On the other hand, we also found decreased connectivity between the lateral inferior parietal cortex and the temporal cortex, including the insula. The insula is part of the so-called “salience network” which is involved in consciousness and self-perception and connects the perception of internal stimuli to aspects of emotion and motivation [36]. The SN, including the anterior cingulate, limbic structures, and temporal cortex, has been related to obesity in that it perceives internal and external cues to appropriately adapt behavior and/or physiology accordingly [37,38]. Thus, the insular cortex plays an established role in cognitive and emotional control and has been suggested to induce the termination of feeding and the ability to predict the satisfactory effects of food intake [39,40]. Increased SN functional connectivity in overweight/obese individuals has also been previously reported [5,15] under resting state conditions. In line with our results, decreased connectivity between the lateral inferior parietal cortex and the temporo-insular cortex after the weight loss program suggest that this decreased connectivity probably plays an inhibiting role in emotional functions susceptible to modification by a weight loss program.
We also found decreased connectivity after the Mediterranean diet and physical intervention program between the prefrontal cortex and the insular/angular gyrus/superior temporal gyrus/supramarginal gyrus. The prefrontal cortex is involved in the central orexigenic network [41], and its connections with the insula reflect an ability to “evaluate” the perception of hunger during fasting state in lean subjects. A “satiation” of this signal is understood to occur after food intake, whereas in obesity there seems to exist a level of insensitivity to these food-related cues [39,42]. According to our results, changes in the connections between the prefrontal and insular cortices are probably implicated in feeding initiative and decrease during weight loss, showing that these regions are also susceptible to modification.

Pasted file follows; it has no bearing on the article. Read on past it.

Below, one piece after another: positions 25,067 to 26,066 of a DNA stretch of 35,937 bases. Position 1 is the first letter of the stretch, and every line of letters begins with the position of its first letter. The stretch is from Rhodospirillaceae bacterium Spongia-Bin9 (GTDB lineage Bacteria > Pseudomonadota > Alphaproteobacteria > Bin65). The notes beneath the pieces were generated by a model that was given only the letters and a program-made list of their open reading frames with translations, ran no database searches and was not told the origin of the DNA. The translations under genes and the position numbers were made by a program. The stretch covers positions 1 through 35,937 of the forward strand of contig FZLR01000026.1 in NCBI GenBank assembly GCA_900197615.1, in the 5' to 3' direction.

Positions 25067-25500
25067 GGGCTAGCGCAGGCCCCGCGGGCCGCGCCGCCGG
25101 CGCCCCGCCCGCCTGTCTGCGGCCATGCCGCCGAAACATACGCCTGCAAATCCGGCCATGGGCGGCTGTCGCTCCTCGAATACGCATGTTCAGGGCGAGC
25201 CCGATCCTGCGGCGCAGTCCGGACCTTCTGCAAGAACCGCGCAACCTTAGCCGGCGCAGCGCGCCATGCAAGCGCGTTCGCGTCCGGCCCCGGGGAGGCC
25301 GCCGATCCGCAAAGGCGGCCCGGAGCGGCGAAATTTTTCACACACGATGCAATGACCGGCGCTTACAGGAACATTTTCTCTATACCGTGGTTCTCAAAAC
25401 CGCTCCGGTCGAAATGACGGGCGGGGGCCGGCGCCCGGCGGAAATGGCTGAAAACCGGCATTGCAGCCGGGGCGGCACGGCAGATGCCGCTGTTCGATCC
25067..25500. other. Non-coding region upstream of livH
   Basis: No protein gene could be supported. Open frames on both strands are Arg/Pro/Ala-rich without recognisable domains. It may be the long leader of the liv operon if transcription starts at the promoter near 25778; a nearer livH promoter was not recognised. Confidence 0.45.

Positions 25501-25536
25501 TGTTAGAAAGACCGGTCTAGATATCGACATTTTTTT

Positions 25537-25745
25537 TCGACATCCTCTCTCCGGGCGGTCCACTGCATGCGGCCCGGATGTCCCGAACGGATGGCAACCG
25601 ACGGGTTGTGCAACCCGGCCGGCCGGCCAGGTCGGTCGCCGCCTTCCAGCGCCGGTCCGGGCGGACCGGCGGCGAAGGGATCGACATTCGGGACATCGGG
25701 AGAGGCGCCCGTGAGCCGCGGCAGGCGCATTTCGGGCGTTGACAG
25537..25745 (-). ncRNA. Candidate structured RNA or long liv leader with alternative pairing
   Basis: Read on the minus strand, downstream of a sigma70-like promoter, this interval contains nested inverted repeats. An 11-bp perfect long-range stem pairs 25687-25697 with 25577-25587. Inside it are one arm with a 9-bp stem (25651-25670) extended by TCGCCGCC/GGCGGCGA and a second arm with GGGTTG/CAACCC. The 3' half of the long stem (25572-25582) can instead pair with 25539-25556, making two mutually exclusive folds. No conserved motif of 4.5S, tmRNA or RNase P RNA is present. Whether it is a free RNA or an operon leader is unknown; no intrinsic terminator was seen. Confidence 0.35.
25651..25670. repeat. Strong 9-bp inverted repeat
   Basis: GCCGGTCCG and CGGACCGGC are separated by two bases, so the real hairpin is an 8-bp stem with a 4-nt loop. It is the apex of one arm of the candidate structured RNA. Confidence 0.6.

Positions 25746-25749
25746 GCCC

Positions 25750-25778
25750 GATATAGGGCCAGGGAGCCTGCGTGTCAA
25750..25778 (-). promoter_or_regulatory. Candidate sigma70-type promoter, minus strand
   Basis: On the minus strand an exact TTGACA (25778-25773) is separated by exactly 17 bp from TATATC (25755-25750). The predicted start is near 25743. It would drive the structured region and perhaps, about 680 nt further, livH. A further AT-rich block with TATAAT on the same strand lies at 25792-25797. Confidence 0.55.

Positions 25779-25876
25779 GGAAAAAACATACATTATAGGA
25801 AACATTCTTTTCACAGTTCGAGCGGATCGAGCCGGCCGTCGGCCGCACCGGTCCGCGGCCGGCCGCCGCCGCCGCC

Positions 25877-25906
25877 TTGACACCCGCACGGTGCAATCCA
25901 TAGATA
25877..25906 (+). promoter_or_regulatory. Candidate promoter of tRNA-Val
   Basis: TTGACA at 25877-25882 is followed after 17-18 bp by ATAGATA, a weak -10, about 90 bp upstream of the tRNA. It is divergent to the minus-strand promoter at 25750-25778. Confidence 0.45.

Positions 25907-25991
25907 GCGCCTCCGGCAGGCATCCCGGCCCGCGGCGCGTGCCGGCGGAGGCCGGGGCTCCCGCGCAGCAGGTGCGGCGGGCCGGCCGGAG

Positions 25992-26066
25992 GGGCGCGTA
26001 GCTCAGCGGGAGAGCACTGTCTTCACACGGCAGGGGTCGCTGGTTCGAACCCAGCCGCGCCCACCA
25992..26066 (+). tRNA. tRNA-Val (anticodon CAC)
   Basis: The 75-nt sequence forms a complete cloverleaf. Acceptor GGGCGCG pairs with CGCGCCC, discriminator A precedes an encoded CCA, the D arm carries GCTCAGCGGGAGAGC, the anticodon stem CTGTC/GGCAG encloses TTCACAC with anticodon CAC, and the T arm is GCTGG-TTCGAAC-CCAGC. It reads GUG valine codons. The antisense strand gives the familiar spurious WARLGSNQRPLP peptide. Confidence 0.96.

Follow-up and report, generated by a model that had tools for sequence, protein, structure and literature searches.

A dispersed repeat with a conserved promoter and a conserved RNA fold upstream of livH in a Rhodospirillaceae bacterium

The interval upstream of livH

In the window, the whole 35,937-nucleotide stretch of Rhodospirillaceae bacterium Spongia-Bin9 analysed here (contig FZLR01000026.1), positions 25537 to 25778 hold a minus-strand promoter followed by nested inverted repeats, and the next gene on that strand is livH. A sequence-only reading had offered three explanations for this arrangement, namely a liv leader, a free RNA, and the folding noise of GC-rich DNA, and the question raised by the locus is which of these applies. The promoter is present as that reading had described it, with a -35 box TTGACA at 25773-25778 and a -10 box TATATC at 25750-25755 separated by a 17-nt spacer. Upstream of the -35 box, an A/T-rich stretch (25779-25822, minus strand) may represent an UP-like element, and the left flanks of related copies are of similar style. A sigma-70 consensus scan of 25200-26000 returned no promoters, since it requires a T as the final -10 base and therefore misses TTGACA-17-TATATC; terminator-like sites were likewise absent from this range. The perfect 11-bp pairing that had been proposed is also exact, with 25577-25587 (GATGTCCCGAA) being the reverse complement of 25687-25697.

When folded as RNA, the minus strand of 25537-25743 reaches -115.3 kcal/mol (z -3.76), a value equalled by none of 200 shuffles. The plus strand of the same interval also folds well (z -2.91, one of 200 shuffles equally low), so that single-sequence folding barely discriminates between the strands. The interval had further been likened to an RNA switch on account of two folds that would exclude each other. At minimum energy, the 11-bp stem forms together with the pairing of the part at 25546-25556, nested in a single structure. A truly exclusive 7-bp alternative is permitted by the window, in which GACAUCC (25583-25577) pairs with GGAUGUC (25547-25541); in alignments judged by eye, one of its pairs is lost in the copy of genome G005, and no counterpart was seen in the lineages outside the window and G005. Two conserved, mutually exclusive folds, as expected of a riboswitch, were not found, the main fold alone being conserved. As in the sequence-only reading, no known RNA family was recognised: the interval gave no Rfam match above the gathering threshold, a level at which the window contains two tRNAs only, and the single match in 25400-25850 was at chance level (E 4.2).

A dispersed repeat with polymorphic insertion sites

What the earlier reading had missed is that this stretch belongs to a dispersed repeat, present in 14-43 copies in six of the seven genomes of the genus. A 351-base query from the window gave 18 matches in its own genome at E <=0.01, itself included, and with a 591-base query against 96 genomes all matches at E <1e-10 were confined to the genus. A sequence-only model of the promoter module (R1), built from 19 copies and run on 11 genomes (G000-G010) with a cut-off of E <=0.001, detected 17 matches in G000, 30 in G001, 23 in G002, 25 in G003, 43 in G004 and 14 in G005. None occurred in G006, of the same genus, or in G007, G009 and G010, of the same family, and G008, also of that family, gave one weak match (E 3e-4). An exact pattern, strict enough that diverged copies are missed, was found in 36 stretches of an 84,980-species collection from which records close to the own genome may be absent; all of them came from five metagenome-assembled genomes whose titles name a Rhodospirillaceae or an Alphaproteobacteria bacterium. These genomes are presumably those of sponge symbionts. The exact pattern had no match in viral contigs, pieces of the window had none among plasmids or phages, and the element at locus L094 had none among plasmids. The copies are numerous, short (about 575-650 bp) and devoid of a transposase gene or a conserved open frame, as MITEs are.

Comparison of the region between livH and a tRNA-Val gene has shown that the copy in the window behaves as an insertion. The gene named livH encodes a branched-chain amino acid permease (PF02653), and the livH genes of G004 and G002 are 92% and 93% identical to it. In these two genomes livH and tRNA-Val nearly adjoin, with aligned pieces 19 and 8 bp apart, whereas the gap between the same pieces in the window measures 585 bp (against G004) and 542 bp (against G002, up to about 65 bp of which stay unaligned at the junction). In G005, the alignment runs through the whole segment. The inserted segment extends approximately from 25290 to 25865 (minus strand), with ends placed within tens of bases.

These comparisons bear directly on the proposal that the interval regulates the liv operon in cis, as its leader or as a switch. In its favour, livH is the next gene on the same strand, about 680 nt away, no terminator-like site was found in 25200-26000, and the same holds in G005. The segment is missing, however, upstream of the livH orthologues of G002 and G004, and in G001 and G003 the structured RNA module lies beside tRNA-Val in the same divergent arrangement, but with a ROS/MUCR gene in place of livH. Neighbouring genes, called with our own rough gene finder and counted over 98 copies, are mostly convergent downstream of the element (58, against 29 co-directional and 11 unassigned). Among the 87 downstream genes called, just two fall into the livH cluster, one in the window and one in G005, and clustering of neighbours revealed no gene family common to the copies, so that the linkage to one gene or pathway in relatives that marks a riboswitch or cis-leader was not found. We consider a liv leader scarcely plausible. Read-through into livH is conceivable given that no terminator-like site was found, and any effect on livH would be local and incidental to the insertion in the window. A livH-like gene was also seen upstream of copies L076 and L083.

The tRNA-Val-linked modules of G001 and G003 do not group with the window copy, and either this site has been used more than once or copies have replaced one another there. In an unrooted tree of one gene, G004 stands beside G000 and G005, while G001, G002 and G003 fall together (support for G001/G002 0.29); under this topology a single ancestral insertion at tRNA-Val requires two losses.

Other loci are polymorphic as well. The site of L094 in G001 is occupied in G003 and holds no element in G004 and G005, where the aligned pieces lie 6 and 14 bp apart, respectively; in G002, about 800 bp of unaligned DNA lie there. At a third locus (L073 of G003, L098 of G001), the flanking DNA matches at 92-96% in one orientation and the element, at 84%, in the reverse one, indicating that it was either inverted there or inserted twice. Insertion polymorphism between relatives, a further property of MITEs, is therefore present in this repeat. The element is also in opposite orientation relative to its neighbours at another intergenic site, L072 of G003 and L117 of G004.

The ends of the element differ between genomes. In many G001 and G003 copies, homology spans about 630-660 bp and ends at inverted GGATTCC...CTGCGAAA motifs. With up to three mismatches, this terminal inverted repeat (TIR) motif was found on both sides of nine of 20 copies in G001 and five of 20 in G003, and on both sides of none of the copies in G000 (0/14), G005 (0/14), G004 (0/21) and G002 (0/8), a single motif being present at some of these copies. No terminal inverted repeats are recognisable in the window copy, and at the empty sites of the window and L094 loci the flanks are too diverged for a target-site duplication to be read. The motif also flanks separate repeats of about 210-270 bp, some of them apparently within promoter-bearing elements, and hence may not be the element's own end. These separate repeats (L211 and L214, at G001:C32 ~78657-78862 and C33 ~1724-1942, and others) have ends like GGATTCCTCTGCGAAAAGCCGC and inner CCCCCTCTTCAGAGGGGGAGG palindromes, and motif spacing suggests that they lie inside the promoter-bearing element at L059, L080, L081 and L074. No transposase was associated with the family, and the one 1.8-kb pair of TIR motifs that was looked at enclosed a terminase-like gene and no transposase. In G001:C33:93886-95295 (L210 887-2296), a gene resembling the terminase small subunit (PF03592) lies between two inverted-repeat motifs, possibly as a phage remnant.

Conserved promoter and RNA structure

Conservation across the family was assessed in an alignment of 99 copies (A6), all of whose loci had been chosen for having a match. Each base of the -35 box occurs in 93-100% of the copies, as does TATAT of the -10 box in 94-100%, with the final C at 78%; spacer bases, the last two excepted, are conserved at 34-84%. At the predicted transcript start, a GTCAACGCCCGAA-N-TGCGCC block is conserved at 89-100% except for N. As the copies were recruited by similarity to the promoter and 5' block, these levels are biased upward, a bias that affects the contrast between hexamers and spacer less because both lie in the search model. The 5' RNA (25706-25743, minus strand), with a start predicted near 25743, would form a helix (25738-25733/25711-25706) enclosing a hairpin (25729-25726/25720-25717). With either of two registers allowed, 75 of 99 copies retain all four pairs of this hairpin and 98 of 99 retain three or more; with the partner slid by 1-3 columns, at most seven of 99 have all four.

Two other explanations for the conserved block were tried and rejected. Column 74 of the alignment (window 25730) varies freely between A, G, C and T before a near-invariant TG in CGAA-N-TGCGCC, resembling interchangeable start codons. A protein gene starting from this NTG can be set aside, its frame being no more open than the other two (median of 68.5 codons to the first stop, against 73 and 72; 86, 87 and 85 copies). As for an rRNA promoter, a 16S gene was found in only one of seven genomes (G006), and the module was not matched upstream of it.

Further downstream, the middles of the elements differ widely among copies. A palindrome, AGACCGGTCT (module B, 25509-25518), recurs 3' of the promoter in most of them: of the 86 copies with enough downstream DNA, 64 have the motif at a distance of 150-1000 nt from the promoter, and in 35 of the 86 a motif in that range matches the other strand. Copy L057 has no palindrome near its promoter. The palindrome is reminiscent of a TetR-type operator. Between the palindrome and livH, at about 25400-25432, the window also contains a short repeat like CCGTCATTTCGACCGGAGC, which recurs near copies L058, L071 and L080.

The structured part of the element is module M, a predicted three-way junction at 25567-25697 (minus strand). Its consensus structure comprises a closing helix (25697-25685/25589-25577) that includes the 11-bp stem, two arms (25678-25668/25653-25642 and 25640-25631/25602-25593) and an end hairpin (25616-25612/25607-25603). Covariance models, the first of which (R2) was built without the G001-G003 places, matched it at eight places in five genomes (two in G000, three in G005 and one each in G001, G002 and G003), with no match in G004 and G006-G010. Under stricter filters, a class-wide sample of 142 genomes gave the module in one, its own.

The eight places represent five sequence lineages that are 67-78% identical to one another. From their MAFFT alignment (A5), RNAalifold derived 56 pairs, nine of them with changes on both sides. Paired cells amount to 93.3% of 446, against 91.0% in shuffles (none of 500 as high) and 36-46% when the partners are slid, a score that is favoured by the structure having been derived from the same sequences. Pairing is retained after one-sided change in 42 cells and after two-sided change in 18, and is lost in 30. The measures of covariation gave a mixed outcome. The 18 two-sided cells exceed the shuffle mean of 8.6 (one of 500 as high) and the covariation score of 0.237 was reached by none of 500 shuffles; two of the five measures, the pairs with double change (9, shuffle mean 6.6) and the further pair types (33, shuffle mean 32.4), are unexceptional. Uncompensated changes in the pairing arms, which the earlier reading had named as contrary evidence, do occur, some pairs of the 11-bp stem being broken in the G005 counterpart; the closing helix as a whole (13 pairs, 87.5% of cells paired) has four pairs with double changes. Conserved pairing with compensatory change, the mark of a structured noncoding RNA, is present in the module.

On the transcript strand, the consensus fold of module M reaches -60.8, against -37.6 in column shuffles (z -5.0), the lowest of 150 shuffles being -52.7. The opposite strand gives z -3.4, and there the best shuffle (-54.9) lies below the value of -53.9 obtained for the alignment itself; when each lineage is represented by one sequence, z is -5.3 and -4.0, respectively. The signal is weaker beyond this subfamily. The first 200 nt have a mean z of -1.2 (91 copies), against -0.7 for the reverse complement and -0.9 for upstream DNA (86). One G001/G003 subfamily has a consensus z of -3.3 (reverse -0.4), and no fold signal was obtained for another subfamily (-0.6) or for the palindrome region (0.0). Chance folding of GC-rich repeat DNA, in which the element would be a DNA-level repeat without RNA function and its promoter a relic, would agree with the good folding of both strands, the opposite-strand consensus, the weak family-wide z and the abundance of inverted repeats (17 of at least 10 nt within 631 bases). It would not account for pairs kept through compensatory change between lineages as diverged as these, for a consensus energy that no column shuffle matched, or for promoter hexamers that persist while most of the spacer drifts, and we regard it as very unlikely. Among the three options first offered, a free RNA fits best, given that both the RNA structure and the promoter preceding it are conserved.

Furthermore, we found decreased connectivity in the temporal cortex with the left premotor, primary motor, and somatosensory cortices after the Mediterranean diet and physical activity intervention program. The SMN—including the supplementary motor area, sensorimotor cortex, and secondary somatosensory cortex [24]—corresponds to the action–execution programs and perception–somesthesis integration [24]. Previous studies have reported evidence for differences in somatosensory processing in obese subjects [25]. Conversely, a recent study in women with anorexia nervosa found decreased connectivity in the SMN when compared with controls, suggesting that it could be related to altered interoception and body image in these women when they are underweight [43]. Our results suggest that changes in sensory-motor structures would be modified after a weight loss program, as these structures play an important role in self-perception and the somesthesis mechanism.
Finally, we found decreased connectivity after the intervention between the right posterior cingulate cortex and the left posterior cingulate cortex, which suggests the integration between both hemispheres [44].
A few studies have examined the effects of different interventions on functional connectivity in individuals with obesity. McFadden et al. found a six-month exercise intervention to be associated with reduced DMN connectivity in the precuneus during rest. Interestingly, the authors concluded that, given previous reports of DMN overconnectivity in overweight/obese individuals, the findings may indicate an exercise-related “normalization” of network function [16]. Recently, Legget et al. found changes in connectivity after a six-month exercise program in the posterior cingulate cortex and other networks (language, visual, sensorimotor, executive, basal ganglia, and posterior DMN), which were significantly reduced [45]. Other authors have found evidence of changes in functional connectivity depending on intervention type (diet vs. bariatric surgery) after weight loss [17].